Katanacenter on the antique way of a millenary common tradition

The art of the sword in Japan and Spain an unknown common knowledge

The first Samurai in Europe and his influence on the blacksmiths of Toledo and Seville to this day.

Hasekura Tsunenaga from Japan to Spain and Italy.

Hasekura Rokuemon Tsunenaga ("Philip Francis Faxicura", baptized as "Francisco Felipe de Faxicura", in Spain) (1571–1622) (Japanese: 支倉六右衛門常長, also spelled Faxecura Rocuyemon in period European various sources, reflecting the contemporary pronunciation of Japanese) was a Japanese samurai and retainer of Date Masamune, the daimyō of Sendai of Japanese imperial descent with ancestral ties to the Japanese Emperor Kanmu.

In the years 1613 through 1620, Hasekura headed a diplomatic mission to Spain and the Pope of Rome (Italy), traveling through Acapulco (New Spain, now Mexico). This historic mission is called the Keichō Embassy (慶長使節), and follows the Tenshō embassy (天正使節) of 1582. On the return trip (even though many of his Samurai companions and yours servants settled in Seville), Hasekura re-traced their route across New Spain in 1619, sailing from Acapulco for Manila, and then sailing north to Japan in 1620. He is conventionally considered the first Japanese ambassador in America and Europe through the Spanish Empire (Spain was at that time the world hegemonic power).

The Samurai brought their swords and to serve as models in an exchange of knowledge with the smiths of Seville and Toledo.
Some of the Katana that the Japanese brought in that travel are still preserved in Seville along with others already forged in Spain being the union of the two great traditions in the manufacture of swords on the all world, Spain and Japan.

Japan and Spain have a more than millenary tradition in the forge of swords that reached its maximum quality since hundreds of years ago in the Japanese Schools and in the Spanish forges of Seville and Toledo the two countries has make the best swords on the world then, and they continue making them now.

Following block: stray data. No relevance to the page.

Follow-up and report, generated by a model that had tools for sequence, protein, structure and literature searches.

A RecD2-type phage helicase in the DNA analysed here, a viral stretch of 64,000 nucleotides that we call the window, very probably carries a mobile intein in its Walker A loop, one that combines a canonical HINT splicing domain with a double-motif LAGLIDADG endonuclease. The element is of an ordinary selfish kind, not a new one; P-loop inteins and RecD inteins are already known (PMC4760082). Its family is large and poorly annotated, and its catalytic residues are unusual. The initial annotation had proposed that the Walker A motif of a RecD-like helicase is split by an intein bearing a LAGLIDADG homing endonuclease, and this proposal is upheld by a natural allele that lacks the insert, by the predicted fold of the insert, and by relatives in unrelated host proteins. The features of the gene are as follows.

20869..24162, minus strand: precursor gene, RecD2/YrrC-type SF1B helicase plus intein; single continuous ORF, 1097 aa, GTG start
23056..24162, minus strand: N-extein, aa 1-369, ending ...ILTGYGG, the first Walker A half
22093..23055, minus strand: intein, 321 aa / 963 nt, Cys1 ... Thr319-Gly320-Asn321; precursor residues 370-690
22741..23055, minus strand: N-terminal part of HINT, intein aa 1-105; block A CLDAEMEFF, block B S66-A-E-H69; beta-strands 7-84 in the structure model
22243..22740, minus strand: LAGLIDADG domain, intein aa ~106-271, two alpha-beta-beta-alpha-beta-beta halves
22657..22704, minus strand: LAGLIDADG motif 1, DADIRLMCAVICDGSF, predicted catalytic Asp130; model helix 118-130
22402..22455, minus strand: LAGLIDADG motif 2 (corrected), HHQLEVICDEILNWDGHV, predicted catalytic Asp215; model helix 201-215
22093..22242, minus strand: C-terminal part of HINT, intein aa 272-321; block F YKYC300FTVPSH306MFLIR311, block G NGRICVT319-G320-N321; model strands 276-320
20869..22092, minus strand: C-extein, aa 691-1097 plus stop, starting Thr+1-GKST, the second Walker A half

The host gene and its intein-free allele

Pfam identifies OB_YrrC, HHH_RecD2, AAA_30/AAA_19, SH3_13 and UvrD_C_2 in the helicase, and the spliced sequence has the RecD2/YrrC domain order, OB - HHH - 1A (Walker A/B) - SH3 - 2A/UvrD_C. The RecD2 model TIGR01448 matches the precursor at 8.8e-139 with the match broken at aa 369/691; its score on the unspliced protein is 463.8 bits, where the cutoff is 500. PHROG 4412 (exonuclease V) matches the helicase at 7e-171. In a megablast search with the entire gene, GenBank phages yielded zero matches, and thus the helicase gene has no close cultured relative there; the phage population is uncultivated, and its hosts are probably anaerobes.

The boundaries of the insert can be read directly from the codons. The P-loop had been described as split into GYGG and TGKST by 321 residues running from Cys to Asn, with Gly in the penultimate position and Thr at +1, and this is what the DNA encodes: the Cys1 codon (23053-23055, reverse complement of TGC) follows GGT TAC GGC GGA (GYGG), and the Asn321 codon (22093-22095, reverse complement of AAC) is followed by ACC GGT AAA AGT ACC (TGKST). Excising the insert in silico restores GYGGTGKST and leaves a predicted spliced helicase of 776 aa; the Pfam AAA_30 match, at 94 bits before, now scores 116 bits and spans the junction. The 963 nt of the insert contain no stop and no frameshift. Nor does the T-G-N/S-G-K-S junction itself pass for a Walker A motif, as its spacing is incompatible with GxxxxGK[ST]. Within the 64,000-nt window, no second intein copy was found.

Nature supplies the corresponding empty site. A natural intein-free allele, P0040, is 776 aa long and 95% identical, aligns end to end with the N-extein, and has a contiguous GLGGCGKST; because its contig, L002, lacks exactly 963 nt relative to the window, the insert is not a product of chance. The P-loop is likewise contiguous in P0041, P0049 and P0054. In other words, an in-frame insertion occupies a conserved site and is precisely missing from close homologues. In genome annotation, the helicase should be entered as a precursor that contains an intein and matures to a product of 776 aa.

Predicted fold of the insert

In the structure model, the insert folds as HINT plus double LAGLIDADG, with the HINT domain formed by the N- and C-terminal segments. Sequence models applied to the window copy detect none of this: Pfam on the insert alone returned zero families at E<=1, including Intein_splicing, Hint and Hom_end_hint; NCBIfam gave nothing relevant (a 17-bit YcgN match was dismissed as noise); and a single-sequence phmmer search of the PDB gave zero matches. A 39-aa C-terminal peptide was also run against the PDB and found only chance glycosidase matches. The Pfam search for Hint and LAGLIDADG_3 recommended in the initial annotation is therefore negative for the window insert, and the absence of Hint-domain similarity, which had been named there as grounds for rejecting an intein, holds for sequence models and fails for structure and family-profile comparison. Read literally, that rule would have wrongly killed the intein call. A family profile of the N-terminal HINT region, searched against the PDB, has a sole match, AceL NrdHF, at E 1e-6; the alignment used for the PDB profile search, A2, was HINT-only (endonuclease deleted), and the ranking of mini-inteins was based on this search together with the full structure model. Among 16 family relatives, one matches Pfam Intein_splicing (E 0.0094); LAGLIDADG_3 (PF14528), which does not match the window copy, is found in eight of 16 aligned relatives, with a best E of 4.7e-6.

In Coria Del Rio (Seville) hundreds of neighbors carry the surname “Japon” (Japanese), and many thousands more throughout Spain. They are the descendants of those samurai.

Japan's next embassy to Europe would only occur more than 200 years later, following two centuries of isolation, with the "First Japanese Embassy to Europe" in 1862.

The very existence of the travels of Hasekura was forgotten in Japan until the reopening of the country after the Sakoku policy of isolation. In 1873, a Japanese embassy to Europe (the Iwakura mission) headed by Iwakura Tomomi heard for the first time of the travels of Hasekura when shown documents during their visit to Italy.

Hasekura today:

There are statues of Hasekura Tsunenaga in the outskirts of Acapulco in Mexico, at the entrance of Havana Bay in Cuba, in Coria del Río (Seville) in Spain, in the Church of Civitavecchia in Italy, in Tsukinoura, near Ishinomaki, and two in Osato town in Miyagi.

Thousands of Spanish people have the surname Japón (originally Hasekura de Japón), identifying them as descendants of the members of Hasekura Tsunenaga's delegation.

A theme park describing the embassy and displaying a replica of the "San Juan Bautista" Spanish Galeon ship was established in the harbour of Ishinomaki, from which Hasekura initially departed on his voyage.

Today there stands a statue of Hasekura in a park in Manila, the Philippines.

Shūsaku Endō wrote a 1980 novel, titled The Samurai, a fictitious account relating the travels of Hasekura.

The 1991 film Journey of Honor (aka Kabuto, aka Shogun Mayeda) starring Sho Kosugi was loosely based on Hasekura's expedition and recounts the adventures of a samurai journey from Japan to Spain.

A 2005 animation film produced in Spain and titled Gisaku relates the adventures of a young Japanese samurai named Yohei who visited Spain in the 17th century, in a story loosely taking its inspiration from the travels of Hasekura.



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Hasekura Rokuemon Tsunenaga statue Coria del Rio - Seville (Spain)

There live hundreds of descendants of those Japanese and many thousands more throughout Spain




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Hasekura Rokuemon Tsunenaga our Japanese ancestor: The Spanish surname Japón

The first Samurai in Europe and his influence on the blacksmiths of Toledo and Seville to this day

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